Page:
China joined the international aid effort in South and Southeast Asia on Tuesday -- a rescue mission that is set to become the world's biggest with the tsunami death toll in the tens of thousands.
The government and people of China have extended their sympathy to all the South and Southeast Asian countries for the losses they incurred from the devastating earthquake and tsunami, Foreign Ministry spokesman Liu Jianchao said in Beijing Tuesday.
At a regular press conference, Liu said China is donating 21.6 million yuan (US$2.6 million) worth of emergency relief goods. The first batch of its relief goods, including tarpaulins, cotton blankets and medicine, was loaded for shipment to Sri Lanka Tuesday afternoon.
"More aid will be sent out to more countries over the coming days," Liu said.
A Chinese task force of 40 rescue and aid experts remains on standby to head to worst hit areas. "We have to see if those countries will submit such requests," Liu said.
"We learned from the Chinese Embassy in Bangkok that seven Chinese tourists were injured in the tremor," acknowledged Liu. "They are undergoing medical treatment on Phuket Island; some of them are in rather grave condition but none critically."
The government is very concerned with the safety of compatriots from Hong Kong, Macao and Taiwan, who have been stranded in the tsunami-ravaged areas, Liu said. To date, he added, some residents from Taiwan have contacted personnel of Chinese consulates in Thailand for help with their travel documents.
Liu confirmed no other Chinese deaths except one from Taiwan.
According to the spokesman, Lee Teng-hui's trip to Japan dealt a serious blow to the political foundation of China-Japan relations.
The 81-year-old former Taiwan leader arrived in Japan Monday on a tourism visa. Regardless of the repeated solemn representations and firm opposition from China, the Japanese government issued the visa.
"China will closely follow the development of the situation," said Liu, and will reserve the right to take further action.
According to China News Service, Lee, the chief representative of the radical force for "Taiwan independence," is also planning to visit Japan next year during the cherry blossom season. It is said that Japan is very likely to issue another visa.
China solemnly asked Japan to consider the overall situation of China-Japan relations, and take effective measures to deal with the impact of the issue, said Liu.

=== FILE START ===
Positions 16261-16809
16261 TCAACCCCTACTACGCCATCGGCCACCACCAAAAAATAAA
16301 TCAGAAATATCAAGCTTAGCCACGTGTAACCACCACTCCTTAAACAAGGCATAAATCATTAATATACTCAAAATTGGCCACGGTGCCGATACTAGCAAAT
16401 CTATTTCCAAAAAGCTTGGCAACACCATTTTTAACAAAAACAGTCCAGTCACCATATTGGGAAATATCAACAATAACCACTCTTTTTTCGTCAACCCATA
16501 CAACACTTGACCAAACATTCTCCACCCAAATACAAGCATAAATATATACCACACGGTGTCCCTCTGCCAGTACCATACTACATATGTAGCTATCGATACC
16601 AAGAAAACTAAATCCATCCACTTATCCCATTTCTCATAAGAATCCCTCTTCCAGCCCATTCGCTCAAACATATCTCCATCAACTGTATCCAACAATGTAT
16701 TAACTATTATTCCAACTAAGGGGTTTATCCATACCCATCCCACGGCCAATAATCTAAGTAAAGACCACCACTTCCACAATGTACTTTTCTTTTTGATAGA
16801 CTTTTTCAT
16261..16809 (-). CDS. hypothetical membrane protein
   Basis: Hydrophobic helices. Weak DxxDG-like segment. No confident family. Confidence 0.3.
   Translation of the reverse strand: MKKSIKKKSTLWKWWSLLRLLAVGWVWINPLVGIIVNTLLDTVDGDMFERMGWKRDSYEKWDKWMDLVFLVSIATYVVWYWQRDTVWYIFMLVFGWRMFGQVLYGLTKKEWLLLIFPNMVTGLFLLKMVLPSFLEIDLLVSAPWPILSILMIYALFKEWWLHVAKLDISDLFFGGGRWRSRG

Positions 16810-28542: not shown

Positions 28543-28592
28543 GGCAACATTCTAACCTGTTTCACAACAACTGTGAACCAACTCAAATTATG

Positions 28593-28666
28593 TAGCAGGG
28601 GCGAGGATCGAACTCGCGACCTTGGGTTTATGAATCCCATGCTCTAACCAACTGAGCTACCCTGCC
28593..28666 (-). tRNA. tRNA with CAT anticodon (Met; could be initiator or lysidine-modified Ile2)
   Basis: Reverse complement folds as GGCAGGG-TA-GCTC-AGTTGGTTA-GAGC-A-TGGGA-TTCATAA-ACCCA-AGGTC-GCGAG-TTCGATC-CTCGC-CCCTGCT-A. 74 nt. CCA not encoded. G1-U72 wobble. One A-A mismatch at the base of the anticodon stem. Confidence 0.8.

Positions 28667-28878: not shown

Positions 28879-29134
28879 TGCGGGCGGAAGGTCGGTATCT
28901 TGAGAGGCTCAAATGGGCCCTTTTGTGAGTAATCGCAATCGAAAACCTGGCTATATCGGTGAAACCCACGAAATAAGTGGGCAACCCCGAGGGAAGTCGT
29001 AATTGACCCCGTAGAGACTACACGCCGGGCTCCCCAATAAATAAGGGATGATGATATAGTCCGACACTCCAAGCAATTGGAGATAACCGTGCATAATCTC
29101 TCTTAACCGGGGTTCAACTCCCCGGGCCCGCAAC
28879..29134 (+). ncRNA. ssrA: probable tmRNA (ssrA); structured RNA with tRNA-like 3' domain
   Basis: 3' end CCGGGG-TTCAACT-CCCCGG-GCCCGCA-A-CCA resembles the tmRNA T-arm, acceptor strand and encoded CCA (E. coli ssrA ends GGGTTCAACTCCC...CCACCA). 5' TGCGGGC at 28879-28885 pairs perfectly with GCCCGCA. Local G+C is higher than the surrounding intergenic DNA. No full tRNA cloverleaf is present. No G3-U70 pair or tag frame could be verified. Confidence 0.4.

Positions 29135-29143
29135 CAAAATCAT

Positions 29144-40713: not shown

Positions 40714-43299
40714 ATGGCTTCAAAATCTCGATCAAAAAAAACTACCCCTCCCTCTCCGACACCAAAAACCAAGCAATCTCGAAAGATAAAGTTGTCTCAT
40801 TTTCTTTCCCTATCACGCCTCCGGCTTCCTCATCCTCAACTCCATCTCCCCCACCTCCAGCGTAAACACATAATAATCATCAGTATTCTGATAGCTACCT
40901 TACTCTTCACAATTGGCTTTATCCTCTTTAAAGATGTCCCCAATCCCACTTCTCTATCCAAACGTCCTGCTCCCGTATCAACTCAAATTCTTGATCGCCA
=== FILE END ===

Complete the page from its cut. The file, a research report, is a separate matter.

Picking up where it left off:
Commenting on the presidential election in Ukraine, Liu said China and Ukraine are two friendly countries and China would respect the selection of the Ukrainian people.
Ukrainian opposition leader Viktor Yushchenko claimed victory Monday in Sunday's election.
Liu said China will make more contributions to world peace, common development and mutually beneficial cooperation in its diplomacy next year.
He said that this year's diplomatic work has created a favorable international environment for China's economic development and made contributions to maintaining world peace and promoting common development.
He said in the coming year, China will continue pushing forward win-win cooperation based on equality and trust, stabilize and develop its relations with developed countries and deepen and strengthen its unity and cooperation with developing nations while constantly improving its capabilities to deal with the changing international situation to serve China's social and economic development as well as reunification drive.
Liu said Foreign Minister Li Zhaoxing will pay official visits to Lesotho, Seychelles, Madagascar and Mauritius.
He said that Li will pay official visits to the four countries from January 6 to 14, 2005.
Meanwhile, Liu noted, "as the special envoy of President Hu Jintao, Li will also attend the International Meeting for the Comprehensive Review of the Implementation of the Barbados Program of Action for the Sustainable Development of Small Island Developing States, which is to be held in Mauritius."
(China Daily, Xinhua News Agency, CRI.com December 29, 2004)